History Of The Harp


The harp is among the oldest musical instruments in the universe. The ancient harps were designed from the hunting bow. In the ancient Egyptian tombs, there were paintings that resemble the modern harp were seen as early as 300 B.C. The first angle harp is believed to come from Asia to Egypt in around 1500 B.C. the harp was made up of a hollow sound box that was joined to a straight string-arm at an angle. The harp’s strings were made of hair fiber that were joined to the sound box at one end and then tied to the string of the arm at the other.

The harp, which was used during the middle ages, included offering support to the strings. Materials that are stiff such as brass and copper were employed for the instrument to make greater volume and clear tones. The paintings showing this harps are found in many early manuscripts. In addition to that, the ancient harps appear similar to the today’s harps.

The early had no technical instruments that could aid the player to produce varying keys. However, in the seventeenth century a row of metallic hooks was fixed at the left side of the instrument that was turned into each string at a time. The string, that was turned, raised the pitch at half step.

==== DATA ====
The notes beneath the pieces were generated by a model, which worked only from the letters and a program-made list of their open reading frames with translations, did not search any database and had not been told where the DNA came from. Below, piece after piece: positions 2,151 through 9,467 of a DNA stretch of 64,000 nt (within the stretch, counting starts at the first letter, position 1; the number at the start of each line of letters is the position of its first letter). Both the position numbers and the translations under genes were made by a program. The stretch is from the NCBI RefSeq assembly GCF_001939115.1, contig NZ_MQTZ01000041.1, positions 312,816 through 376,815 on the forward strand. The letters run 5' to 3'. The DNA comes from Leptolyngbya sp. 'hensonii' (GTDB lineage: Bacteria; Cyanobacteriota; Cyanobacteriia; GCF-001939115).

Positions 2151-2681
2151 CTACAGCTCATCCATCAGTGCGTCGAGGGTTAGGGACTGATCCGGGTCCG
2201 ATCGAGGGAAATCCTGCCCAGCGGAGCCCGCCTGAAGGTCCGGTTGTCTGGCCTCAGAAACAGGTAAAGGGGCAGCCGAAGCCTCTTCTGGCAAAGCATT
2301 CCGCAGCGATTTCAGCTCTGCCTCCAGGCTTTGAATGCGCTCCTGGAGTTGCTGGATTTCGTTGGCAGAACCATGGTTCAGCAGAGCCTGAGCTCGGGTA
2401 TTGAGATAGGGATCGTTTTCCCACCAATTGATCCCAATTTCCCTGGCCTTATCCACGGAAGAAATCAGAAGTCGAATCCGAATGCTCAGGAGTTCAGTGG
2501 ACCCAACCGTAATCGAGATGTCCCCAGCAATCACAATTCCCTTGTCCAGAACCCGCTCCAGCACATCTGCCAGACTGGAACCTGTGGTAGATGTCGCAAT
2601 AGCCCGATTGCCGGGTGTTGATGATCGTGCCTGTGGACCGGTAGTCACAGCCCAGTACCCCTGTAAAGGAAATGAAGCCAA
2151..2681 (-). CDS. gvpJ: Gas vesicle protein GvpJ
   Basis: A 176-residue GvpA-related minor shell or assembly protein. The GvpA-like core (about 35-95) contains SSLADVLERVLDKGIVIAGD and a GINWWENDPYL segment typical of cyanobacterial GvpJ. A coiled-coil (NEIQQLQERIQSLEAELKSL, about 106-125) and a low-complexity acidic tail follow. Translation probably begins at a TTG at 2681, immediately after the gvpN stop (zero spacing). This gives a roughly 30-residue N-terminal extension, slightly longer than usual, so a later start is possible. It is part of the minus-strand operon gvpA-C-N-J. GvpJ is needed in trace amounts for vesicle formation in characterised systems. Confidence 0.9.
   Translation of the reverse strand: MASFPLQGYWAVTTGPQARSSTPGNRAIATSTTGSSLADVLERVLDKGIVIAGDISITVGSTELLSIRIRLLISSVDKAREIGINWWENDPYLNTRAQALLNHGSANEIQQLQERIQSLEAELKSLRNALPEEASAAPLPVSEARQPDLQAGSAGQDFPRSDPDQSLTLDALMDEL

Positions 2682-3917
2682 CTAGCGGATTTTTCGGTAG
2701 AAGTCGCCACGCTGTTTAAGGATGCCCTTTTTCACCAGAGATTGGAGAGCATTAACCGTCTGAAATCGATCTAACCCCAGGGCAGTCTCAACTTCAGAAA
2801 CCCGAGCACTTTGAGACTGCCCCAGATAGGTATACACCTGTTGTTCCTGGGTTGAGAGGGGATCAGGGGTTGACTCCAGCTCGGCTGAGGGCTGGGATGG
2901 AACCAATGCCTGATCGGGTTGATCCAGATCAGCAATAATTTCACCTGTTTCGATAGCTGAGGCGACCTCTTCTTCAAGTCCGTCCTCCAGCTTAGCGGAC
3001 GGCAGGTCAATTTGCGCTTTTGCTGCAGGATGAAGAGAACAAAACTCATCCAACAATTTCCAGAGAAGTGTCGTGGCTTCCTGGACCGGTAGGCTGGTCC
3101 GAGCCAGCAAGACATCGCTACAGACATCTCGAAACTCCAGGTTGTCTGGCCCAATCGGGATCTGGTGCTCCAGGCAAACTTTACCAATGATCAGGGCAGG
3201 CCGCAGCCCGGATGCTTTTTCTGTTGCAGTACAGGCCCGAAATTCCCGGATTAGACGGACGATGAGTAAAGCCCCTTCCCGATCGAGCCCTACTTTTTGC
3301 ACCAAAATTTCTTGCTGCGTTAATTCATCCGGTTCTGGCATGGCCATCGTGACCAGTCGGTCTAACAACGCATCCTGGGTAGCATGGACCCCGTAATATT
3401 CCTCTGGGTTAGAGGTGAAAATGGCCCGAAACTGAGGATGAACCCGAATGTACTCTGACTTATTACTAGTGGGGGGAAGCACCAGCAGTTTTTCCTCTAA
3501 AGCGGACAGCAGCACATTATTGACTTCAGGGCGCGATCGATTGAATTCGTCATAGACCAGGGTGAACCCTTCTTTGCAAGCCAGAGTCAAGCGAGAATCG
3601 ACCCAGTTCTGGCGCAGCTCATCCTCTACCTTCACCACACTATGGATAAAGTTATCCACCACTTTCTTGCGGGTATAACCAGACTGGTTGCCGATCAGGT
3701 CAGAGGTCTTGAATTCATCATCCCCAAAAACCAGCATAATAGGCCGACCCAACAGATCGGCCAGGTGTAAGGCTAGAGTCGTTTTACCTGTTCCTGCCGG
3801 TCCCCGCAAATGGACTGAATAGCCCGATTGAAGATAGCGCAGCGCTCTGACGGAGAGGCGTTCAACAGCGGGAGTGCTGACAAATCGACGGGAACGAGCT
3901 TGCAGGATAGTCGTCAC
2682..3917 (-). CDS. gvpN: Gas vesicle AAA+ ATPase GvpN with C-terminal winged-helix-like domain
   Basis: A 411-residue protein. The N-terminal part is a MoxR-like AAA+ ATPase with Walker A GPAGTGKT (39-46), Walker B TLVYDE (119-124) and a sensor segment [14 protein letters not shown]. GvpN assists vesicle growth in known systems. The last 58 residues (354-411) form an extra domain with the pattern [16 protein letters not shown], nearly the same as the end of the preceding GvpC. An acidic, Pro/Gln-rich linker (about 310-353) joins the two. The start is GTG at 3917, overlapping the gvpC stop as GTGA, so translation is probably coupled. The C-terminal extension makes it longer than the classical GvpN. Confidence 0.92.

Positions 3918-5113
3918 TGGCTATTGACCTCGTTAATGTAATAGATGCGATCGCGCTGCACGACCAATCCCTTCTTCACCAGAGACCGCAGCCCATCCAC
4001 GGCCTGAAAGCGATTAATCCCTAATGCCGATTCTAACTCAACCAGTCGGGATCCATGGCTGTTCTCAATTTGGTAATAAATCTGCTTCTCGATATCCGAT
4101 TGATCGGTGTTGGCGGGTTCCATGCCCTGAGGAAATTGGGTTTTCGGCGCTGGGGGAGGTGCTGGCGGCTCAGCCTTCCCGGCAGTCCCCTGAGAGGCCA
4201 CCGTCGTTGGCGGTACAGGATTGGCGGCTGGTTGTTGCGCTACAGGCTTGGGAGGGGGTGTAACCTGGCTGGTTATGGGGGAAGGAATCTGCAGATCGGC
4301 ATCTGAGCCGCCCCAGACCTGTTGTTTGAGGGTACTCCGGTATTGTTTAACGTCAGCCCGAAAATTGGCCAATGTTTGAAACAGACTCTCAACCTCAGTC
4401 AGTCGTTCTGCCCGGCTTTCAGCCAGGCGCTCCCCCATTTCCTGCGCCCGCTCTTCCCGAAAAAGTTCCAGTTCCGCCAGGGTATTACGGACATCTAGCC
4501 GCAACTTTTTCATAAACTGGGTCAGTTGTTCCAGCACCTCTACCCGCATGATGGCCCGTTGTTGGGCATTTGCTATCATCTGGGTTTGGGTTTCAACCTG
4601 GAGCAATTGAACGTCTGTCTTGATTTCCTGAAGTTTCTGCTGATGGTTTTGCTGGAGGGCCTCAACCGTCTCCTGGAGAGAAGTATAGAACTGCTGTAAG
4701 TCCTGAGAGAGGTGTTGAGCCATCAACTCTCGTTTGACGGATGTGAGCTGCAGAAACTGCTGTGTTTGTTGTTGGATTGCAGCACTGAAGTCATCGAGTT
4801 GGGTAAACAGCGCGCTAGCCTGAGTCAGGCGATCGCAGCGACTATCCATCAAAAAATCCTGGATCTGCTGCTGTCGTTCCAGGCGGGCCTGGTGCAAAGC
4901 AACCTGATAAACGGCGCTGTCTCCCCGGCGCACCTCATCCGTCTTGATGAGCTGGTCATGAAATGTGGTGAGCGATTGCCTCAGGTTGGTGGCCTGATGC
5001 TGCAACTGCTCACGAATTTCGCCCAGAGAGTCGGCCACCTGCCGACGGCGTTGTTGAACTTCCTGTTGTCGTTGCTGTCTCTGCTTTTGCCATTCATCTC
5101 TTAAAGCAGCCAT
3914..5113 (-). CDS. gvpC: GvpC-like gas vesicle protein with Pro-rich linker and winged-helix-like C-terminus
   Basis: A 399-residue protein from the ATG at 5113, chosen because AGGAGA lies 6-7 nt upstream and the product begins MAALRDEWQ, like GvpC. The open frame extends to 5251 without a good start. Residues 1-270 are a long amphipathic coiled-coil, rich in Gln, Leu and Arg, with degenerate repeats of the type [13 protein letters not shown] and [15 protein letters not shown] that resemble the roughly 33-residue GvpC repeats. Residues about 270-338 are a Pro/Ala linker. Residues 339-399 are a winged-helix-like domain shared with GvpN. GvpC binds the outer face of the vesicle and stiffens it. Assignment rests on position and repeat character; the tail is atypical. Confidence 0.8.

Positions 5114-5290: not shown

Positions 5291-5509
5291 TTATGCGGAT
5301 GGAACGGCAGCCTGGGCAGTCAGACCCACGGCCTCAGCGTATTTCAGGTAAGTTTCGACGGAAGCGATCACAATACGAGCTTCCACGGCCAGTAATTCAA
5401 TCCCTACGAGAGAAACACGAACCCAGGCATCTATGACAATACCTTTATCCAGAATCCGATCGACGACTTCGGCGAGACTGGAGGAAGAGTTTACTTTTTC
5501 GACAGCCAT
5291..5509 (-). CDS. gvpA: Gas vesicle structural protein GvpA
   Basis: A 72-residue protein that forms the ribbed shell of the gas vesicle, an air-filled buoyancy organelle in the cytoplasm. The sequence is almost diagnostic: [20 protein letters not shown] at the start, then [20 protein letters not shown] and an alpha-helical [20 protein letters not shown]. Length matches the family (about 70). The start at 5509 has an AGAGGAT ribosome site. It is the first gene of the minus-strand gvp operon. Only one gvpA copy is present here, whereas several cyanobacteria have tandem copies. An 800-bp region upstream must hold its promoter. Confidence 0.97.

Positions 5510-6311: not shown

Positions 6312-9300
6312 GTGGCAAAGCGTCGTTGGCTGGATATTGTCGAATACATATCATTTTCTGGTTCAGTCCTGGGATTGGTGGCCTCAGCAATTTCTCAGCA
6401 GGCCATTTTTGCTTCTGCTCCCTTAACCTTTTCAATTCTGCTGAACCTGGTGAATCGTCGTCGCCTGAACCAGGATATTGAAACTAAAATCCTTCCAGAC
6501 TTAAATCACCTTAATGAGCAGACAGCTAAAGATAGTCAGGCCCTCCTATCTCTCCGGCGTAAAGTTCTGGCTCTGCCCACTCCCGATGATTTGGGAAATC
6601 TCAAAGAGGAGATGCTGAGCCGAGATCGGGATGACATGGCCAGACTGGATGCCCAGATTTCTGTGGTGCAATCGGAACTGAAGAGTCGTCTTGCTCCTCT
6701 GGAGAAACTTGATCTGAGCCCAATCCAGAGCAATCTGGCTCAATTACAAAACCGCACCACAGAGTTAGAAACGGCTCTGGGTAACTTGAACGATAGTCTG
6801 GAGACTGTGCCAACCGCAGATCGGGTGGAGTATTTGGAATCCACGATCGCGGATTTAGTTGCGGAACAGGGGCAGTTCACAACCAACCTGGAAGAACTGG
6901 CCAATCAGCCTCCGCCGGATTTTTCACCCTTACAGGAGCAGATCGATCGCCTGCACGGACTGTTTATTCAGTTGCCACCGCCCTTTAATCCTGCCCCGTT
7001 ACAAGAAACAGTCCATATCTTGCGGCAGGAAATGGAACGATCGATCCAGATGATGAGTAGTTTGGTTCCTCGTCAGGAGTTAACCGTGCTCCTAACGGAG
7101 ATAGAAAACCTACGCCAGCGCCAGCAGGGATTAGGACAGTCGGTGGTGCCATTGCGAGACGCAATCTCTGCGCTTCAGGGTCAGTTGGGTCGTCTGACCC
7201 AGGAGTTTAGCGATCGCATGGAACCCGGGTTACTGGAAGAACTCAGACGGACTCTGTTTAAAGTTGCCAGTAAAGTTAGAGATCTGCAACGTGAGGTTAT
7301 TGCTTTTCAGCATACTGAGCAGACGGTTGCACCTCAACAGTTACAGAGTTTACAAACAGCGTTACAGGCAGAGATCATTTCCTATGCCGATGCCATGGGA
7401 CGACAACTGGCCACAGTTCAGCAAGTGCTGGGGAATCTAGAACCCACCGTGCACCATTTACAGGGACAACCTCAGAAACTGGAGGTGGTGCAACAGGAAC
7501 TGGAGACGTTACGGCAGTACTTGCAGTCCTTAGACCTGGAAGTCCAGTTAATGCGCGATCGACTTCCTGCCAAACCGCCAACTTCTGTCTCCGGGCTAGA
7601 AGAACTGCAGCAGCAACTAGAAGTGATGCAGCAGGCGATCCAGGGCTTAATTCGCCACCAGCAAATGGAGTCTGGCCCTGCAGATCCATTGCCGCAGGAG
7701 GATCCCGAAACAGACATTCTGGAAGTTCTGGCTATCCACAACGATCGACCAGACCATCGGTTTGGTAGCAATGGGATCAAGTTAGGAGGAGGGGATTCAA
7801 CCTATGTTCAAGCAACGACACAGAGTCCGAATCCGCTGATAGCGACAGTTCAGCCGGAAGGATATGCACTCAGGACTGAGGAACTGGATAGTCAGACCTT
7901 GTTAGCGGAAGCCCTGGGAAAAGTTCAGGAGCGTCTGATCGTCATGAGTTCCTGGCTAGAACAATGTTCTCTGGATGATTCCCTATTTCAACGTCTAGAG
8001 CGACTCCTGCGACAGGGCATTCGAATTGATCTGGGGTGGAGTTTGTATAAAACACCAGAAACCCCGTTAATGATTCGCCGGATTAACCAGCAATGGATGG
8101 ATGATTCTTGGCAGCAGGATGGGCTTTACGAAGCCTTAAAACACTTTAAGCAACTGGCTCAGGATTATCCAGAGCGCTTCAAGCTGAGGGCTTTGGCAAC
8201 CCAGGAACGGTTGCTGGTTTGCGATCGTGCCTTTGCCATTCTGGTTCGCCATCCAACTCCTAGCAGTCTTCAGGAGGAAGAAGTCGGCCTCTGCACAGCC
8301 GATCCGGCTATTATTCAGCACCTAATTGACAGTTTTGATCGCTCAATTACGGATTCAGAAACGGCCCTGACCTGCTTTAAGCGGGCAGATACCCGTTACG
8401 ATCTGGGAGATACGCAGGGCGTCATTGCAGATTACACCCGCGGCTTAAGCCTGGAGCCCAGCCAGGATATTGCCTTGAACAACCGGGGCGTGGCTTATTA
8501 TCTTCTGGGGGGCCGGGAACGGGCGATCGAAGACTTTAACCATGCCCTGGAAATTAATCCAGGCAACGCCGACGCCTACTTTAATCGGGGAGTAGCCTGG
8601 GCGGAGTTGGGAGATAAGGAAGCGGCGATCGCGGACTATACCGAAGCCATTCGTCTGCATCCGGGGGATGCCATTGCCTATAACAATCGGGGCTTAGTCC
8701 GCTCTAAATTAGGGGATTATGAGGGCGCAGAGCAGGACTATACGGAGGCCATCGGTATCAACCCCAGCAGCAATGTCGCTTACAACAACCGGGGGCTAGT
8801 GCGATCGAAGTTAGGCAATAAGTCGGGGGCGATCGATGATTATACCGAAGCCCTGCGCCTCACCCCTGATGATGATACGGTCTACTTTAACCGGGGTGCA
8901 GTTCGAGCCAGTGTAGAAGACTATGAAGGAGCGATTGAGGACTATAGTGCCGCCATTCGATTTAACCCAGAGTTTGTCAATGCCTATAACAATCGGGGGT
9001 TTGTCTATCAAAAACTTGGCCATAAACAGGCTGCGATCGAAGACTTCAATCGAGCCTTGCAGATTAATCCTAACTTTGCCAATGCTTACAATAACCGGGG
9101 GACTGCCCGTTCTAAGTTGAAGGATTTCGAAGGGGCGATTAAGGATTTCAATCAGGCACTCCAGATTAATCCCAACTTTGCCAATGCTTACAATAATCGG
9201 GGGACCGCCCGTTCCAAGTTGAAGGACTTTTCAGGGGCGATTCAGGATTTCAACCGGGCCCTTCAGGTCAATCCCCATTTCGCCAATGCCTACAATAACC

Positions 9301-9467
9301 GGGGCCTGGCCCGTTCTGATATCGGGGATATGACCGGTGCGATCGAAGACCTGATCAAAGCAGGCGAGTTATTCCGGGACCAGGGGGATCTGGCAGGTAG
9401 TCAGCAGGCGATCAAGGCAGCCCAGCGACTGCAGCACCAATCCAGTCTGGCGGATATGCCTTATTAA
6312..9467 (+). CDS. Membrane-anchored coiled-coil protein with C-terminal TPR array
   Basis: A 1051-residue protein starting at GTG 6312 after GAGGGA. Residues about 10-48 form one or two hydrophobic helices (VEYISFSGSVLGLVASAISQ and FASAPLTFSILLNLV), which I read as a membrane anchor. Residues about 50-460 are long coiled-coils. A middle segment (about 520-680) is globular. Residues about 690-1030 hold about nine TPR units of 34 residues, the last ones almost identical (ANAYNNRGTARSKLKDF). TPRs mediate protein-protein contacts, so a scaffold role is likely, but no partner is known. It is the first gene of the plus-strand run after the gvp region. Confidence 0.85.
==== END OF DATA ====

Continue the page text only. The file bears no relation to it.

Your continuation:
At around 1720 a method was formulated to meet the growing demands of harpists that made the pitch high. As a result, seven pedals were built at the base of the harp to raise the pitch by half a step. For example, when the harp was at C-flat, the pedal made it rise the C strings up to C natural.

As the music world evolved, it was important for the harp to maintain its modernity and popularity. As a result, instead of being limited to the five minor and eight major keys, the harp was improved up to the level of playing all keys. In connection to this, Sebastian Erard obtained a Double Action pedal harp by 1810. Now the harp was redesigned crotchets with rotating disks that were able to produce a natural, flat and sharp pitch depending on the pedal position.

In the 20th century, many people arrived to bring improvements and inventions that make the harp popular in the modern society. The 21st century music uses the harp as seen in myriad festivals and others.

In conclusion, the harp has moved from Medieval to modern, from Classical to Jazz, and finally Acoustic to Electric.


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